Protection of CNS Bone Blood-Brain Barrier least permeable capillaries in body (allows only water, glucose, and a.a. to pass thru) Useless against fat-soluble molecules (alcohol, nicotine, anesthesia, etc) CSF Ventricles - 4 chambers filled w/CSF CSF – surrounds exposed surfaces of CNS, cushions and supports, transports nutrients, chemical messengers and waste products Meninges – series of layers covering CNS Protects against shock, infection, friction Delivers O 2 and nutrients to meninges, 3 Layers Dura Mater Outermost, Tough fibrous layer Fused to periosteum of skull Subdural space – lymph fluid Arachnoid Subarachnoid space - CSF Pia Mater Bonds to underlying neural tissue Extensive circulatory supply
Main Parts of the Brain Cerebral Hemispheres Diencephalon Brain Stem Cerebellum
Cerebral Brain Structures Gyrus – elevated ridges Sulcus – shallow groves Fissure – deep groove that separates large regions of the brain (ex. Longitudinal fissure separates L/R hemispheres)
Cerebral Structure Cerebral cortex - gray matter Cerebral White matter – nerve fibers Corpus Callosum – connects the cerebral hemispheres Ganglia Bodies – islands of gray matter
Cerebral Cortex Primary sensory, motor, and association cortex Sensory – initial site for conscious sensation Motor conscious control of skeletal muscles (damage causes paralysis) Association Integrates all sensory inputs allowing conscious perception and planning of responses Cognition – attention, language, social behavior and other higher processes
Frontal Lobe Functions Reasoning, planning, parts of speech, movements, emotions, problem solving 4 functionally distinct areas Primary motor cortex (most posterior) Arousal/motivation (medial frontal) Social behavior (orbital frontal) Language comprehension (inferior lateral) Working memory (dorsolateral) Broca’s Area – ability to speak
Parietal Lobe Functions Posterior to central sulcus Integrates sensory information (sensory homunolculi) Visual spatial processing Calculating, writing, right/left orientation Naming and word recognition Drawing
Temporal Lobe Auditory Perception Receptive component of language Declarative and visual memory Emotions Olfactory area Area of Wernicke – speech area
Occipital Lobe Primary visual cortex Responsible for visual processing
Diencephelon (Interbrain) Thalamus Relay station and controls sensory inputs to cerebral cortex Acts w/brainstem to control state of arousal Participates in coordination of movements Hypothalamus (floor) Homeostasis regulation, body temperature, appetite, thirst Control of autonomic nervous system Regulates secretion of hormones including control of pituitary gland Epithalamus (roof) Houses pineal body CSF is formed here
Brain Stem 3 Parts: Midbrain Reflex centers for vision and hearing Pons “Bridge” – fiber tracts Nuclei involved in control of breathing Medulla Oblongata Merges w/spinal cord Fiber tract area Regulates hr, bp, breathing, swallowing, and vomiting RAS (Reticular Activating System) – gray matter thru brain stem controls consciousness and wake/sleep cyles
Cerebellum Coordination and accuracy of complex movements and balance Procedural memory
The Spinal Cord Controls spinal reflexes Diameter decreases as it descends Except at cervical enlargement And lumbar enlargement Central canal – filled w/ CSF Gray matter – glial cells, cell bodies of neurons Horns extend out into horns White matter – myelinated and unmyelinated axons Ascending tracts – sensory info to brain Descending tracts – motor commands to spinal cord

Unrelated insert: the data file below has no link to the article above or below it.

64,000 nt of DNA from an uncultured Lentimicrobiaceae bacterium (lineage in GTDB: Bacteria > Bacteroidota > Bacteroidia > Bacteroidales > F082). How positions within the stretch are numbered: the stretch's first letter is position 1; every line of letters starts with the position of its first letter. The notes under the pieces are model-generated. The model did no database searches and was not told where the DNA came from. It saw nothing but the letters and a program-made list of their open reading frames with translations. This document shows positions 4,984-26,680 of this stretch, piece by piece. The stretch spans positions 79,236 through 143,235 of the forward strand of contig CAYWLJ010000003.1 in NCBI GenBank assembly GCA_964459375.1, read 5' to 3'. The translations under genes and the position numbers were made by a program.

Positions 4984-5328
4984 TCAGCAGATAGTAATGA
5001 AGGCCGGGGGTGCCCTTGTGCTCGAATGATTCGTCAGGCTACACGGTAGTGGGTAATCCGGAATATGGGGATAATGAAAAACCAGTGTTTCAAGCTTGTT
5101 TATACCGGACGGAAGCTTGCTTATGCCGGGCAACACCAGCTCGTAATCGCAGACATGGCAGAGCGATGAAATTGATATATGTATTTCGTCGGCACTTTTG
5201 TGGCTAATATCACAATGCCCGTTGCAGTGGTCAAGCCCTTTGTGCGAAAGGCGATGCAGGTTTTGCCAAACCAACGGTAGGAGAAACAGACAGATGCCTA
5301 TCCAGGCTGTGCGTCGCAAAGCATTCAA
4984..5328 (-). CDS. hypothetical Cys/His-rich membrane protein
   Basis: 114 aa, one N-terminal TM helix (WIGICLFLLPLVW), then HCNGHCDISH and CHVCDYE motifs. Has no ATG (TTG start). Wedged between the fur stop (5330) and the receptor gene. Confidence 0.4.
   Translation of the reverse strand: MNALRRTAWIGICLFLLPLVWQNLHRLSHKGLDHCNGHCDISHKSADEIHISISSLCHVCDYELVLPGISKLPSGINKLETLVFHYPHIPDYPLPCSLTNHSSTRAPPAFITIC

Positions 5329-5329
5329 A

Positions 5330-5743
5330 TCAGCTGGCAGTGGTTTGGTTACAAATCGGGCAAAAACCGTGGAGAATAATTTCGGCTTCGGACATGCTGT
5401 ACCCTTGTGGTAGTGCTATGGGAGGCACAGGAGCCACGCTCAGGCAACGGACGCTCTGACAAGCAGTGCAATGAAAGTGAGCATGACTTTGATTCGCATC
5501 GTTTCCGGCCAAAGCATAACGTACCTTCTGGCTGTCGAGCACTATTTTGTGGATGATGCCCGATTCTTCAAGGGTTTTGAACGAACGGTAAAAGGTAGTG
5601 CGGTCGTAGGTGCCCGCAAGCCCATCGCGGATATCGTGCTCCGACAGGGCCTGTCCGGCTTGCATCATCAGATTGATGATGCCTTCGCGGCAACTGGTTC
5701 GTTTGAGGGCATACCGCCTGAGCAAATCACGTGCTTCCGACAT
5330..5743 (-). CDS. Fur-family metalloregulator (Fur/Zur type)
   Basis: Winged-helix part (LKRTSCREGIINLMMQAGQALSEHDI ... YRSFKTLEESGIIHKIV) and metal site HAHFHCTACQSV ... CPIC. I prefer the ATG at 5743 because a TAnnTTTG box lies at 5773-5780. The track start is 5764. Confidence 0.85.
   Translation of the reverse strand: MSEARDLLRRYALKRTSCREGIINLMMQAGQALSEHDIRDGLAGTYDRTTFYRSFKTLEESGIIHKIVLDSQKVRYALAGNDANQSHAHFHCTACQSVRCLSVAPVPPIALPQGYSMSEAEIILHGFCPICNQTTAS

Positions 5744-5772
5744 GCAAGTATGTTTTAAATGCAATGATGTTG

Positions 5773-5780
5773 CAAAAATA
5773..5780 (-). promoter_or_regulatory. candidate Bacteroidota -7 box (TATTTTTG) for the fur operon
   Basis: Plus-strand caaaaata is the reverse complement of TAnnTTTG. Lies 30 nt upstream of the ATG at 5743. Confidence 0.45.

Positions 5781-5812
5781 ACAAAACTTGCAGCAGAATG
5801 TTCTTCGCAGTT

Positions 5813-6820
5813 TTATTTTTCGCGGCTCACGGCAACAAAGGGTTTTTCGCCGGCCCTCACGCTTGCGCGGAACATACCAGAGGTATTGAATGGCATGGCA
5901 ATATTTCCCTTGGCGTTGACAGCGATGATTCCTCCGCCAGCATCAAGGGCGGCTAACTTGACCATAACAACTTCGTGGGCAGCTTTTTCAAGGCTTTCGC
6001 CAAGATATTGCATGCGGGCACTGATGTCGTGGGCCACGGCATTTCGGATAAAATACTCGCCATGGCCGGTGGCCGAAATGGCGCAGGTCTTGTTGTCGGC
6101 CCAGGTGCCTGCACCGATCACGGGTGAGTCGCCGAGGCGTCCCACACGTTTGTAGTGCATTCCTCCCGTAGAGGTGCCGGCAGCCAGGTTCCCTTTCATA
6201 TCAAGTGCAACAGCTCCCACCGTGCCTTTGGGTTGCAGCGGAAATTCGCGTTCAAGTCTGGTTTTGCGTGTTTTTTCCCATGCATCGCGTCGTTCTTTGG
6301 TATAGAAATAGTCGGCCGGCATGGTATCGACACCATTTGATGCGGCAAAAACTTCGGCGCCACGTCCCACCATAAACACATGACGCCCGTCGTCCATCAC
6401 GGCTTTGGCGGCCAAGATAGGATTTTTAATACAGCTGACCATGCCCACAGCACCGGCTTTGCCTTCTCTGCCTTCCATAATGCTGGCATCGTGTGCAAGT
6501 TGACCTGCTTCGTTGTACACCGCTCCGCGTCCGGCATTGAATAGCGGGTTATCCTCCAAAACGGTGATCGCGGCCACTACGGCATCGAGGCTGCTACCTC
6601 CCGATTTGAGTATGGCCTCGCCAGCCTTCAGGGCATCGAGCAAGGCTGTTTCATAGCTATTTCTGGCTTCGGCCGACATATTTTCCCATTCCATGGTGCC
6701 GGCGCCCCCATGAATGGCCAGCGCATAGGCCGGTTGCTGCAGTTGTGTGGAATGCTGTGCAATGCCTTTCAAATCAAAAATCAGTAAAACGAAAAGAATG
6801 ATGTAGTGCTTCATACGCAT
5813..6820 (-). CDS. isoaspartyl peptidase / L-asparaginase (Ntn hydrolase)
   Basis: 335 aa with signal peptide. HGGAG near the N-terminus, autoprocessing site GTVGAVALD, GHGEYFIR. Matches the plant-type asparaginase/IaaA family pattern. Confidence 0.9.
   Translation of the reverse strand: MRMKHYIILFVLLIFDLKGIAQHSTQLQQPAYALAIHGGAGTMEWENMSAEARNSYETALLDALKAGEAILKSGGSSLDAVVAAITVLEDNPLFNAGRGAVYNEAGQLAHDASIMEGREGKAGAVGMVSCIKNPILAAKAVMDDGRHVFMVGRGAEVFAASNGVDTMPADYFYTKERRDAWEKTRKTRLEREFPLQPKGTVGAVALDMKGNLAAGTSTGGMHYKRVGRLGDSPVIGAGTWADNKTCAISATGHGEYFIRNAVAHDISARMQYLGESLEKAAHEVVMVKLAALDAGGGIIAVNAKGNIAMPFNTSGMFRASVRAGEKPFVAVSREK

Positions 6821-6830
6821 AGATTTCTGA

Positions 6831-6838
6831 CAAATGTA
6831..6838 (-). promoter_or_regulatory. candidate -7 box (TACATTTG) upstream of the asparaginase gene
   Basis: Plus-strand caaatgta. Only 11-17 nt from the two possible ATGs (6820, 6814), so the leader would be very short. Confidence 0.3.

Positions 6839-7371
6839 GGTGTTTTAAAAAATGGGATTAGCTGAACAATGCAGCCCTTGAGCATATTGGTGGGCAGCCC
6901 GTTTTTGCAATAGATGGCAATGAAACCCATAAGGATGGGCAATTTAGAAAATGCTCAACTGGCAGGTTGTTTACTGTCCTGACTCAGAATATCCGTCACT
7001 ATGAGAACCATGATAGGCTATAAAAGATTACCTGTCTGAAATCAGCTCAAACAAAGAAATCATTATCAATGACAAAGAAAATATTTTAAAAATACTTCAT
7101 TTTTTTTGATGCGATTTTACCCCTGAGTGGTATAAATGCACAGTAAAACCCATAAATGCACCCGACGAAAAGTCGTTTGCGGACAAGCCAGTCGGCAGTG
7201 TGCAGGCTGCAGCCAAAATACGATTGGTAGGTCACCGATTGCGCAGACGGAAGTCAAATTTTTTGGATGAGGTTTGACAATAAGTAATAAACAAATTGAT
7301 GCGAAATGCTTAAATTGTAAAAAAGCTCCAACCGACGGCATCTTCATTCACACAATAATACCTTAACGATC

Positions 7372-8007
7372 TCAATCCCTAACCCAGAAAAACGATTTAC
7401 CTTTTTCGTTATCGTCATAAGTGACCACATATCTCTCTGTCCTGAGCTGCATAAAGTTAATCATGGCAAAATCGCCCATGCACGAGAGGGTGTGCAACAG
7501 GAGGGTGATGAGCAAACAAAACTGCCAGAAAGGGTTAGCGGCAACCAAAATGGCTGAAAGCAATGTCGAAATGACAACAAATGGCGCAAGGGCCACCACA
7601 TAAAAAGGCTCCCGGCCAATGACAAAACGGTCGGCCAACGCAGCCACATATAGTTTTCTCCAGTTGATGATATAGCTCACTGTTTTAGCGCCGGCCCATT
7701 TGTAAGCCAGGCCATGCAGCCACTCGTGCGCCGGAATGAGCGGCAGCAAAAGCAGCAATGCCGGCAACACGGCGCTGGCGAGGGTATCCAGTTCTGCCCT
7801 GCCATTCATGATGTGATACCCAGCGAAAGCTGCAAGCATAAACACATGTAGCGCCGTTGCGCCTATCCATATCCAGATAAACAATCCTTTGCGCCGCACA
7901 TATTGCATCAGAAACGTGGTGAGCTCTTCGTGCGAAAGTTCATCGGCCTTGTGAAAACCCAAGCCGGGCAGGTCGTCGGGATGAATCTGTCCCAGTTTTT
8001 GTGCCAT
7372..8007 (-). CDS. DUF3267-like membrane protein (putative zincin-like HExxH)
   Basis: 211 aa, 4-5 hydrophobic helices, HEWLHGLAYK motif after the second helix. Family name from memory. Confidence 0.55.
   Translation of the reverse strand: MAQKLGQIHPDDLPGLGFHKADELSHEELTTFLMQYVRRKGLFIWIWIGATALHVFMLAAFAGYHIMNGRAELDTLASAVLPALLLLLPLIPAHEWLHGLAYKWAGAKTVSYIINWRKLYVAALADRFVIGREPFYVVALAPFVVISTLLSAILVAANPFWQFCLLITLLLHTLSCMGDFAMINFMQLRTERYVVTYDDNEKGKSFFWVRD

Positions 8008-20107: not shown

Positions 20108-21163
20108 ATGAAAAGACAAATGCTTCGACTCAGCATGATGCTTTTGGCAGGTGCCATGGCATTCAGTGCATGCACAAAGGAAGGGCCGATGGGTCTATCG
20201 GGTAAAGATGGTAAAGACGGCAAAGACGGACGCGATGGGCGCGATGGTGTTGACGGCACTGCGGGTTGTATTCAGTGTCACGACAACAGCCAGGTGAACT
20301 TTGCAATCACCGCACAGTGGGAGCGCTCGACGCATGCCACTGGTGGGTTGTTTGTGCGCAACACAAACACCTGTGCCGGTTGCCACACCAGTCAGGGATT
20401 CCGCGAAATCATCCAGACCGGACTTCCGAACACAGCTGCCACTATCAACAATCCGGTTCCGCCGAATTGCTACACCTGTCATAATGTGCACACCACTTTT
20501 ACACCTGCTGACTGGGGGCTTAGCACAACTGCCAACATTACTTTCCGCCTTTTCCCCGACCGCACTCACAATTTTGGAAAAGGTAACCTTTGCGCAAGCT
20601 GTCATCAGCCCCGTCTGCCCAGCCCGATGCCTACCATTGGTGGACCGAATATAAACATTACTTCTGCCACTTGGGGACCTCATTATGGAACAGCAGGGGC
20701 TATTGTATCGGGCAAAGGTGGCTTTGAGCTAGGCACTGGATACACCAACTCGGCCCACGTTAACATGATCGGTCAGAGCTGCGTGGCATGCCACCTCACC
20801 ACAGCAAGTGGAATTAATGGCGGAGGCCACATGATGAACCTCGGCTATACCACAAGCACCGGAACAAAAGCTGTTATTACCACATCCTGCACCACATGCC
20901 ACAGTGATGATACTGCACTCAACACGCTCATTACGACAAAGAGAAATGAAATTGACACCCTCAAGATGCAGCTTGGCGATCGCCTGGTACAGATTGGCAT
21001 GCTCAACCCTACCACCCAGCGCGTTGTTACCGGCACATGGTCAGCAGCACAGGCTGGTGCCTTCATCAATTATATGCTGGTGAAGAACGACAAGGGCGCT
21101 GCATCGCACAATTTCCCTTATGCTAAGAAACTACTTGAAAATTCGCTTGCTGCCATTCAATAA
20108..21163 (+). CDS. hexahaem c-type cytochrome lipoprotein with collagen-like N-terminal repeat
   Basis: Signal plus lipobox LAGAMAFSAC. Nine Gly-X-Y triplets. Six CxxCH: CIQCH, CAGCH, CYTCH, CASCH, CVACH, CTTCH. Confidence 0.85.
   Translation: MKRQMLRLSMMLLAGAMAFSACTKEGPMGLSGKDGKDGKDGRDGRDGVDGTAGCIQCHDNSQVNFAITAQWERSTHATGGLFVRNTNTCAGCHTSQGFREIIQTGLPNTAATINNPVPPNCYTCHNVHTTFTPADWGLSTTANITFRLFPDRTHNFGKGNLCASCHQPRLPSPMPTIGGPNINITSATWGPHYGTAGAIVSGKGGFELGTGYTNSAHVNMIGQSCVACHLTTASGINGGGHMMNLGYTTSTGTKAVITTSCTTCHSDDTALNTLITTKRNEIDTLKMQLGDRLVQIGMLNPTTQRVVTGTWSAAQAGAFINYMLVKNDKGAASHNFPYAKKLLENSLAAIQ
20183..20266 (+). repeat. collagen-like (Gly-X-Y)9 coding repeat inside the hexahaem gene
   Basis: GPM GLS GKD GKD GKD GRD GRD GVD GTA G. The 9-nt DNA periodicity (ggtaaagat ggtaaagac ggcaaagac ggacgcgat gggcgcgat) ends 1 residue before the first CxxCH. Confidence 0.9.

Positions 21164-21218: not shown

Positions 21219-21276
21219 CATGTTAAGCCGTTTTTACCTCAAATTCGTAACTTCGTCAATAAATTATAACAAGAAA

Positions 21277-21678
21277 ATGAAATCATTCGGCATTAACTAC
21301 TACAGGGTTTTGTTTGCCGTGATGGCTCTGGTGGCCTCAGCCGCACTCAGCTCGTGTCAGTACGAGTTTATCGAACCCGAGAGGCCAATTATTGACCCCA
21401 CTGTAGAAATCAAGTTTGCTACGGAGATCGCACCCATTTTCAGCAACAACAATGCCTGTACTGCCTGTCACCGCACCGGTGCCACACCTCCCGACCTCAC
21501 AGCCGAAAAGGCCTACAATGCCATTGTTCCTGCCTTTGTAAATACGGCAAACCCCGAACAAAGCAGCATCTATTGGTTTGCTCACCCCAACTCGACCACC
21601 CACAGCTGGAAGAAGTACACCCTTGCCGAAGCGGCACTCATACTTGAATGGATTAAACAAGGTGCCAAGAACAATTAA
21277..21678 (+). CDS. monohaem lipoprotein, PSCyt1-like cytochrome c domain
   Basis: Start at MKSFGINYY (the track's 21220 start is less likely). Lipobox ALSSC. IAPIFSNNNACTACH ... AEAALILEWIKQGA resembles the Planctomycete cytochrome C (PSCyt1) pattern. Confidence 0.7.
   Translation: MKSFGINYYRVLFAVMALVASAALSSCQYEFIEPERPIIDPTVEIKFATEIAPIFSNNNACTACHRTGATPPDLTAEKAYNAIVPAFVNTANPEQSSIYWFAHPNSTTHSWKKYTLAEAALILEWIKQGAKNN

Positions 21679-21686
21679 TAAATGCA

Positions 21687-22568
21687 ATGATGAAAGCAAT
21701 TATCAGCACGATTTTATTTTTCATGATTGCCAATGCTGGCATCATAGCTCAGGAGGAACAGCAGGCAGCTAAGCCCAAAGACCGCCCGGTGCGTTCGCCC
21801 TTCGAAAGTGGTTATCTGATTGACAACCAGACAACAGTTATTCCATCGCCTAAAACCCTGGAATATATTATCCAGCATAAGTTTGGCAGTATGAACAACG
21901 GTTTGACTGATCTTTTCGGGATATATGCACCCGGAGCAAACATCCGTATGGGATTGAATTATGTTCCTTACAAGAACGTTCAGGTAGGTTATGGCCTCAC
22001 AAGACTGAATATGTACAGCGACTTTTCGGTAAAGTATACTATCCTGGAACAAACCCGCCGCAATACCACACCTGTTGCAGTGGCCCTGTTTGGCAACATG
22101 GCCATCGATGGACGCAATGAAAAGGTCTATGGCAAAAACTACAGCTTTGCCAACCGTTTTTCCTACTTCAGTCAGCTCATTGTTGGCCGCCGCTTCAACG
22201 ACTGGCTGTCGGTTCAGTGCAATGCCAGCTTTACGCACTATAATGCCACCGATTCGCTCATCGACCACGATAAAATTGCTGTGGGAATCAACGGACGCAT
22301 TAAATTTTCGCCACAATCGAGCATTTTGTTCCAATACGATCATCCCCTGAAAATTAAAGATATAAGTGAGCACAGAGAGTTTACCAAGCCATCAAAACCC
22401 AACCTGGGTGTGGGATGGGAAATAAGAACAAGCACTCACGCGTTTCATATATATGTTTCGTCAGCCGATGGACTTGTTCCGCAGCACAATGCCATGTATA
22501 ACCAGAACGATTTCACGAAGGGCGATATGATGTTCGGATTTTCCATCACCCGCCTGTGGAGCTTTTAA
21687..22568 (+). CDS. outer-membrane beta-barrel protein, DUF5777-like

What is the general name that describes the pons, medulla and midbrain? A. Diencephalon B. Cerebellum C. Cerebrum D. Brain stem
A. Diencephalon B. Cerebellum C. Cerebrum D. Brain stem E. Frontal Lobe In terms of volume, the largest part of the brain is
A. Frontal Lobe B. Parietal Lobe C. Temporal Lobe D. Occipital Lobe E. Cerebellum F. Brain Stem Which lobe is primarily responsible for somatosensation?
A. Frontal Lobe B. Parietal Lobe C. Temporal Lobe D. Occipital Lobe E. Cerebellum F. Brain Stem Which lobe contains the primary visual cortex?
A. Frontal Lobe B. Parietal Lobe C. Temporal Lobe D. Occipital Lobe E. Cerebellum F. Brain Stem Damage to which lobe can produce disruptions to social and emotional behavour?
A. Frontal Lobe B. Parietal Lobe C. Temporal Lobe D. Occipital Lobe E. Cerebellum F. Brain Stem The auditory cortex is found in the:
A. Cerebrospinal fluid; external pressure B. Cerebrospinal fluid; infection C. Ventricular fluid; external pressure D. Blood; infection and external pressure The fluid found in the brain's cavities is called ______; this principally protects the brain from ______.
A. Meninges B. Bone C. Gray matter D. White matter E. Blood-brain barrier The _________________ serves as a protective filter that regulates the entrance of certain substances into the brain from the bloodstream.
A. coordination of complex muscular movements B. coordination of endocrine and nervous responses C. control of digestion, circulation, and breathing movements D. center of consciousness What is the primary function of the cerebellum?.
A. Cerebrum B. Cerebellum C. Spinal cord D. Medulla Oblongata You just finished running and your heart rate is fast as is your breathing. The part of the brain controlling basic body functions such as heart rate and blood pressure is the _______.
A. connection between speech and hearing B. motor coordination C. control of many of the endocrine glands D. integration and relay of information The thalamus is responsible for which of the following functions?
A. intelligence and memory B. reflex actions and communication between the brain and spinal nerves C. controlling muscle activity and maintaining balance D. speech, smell, taste, hearing and vision The primary functions of the spinal cord involve __________.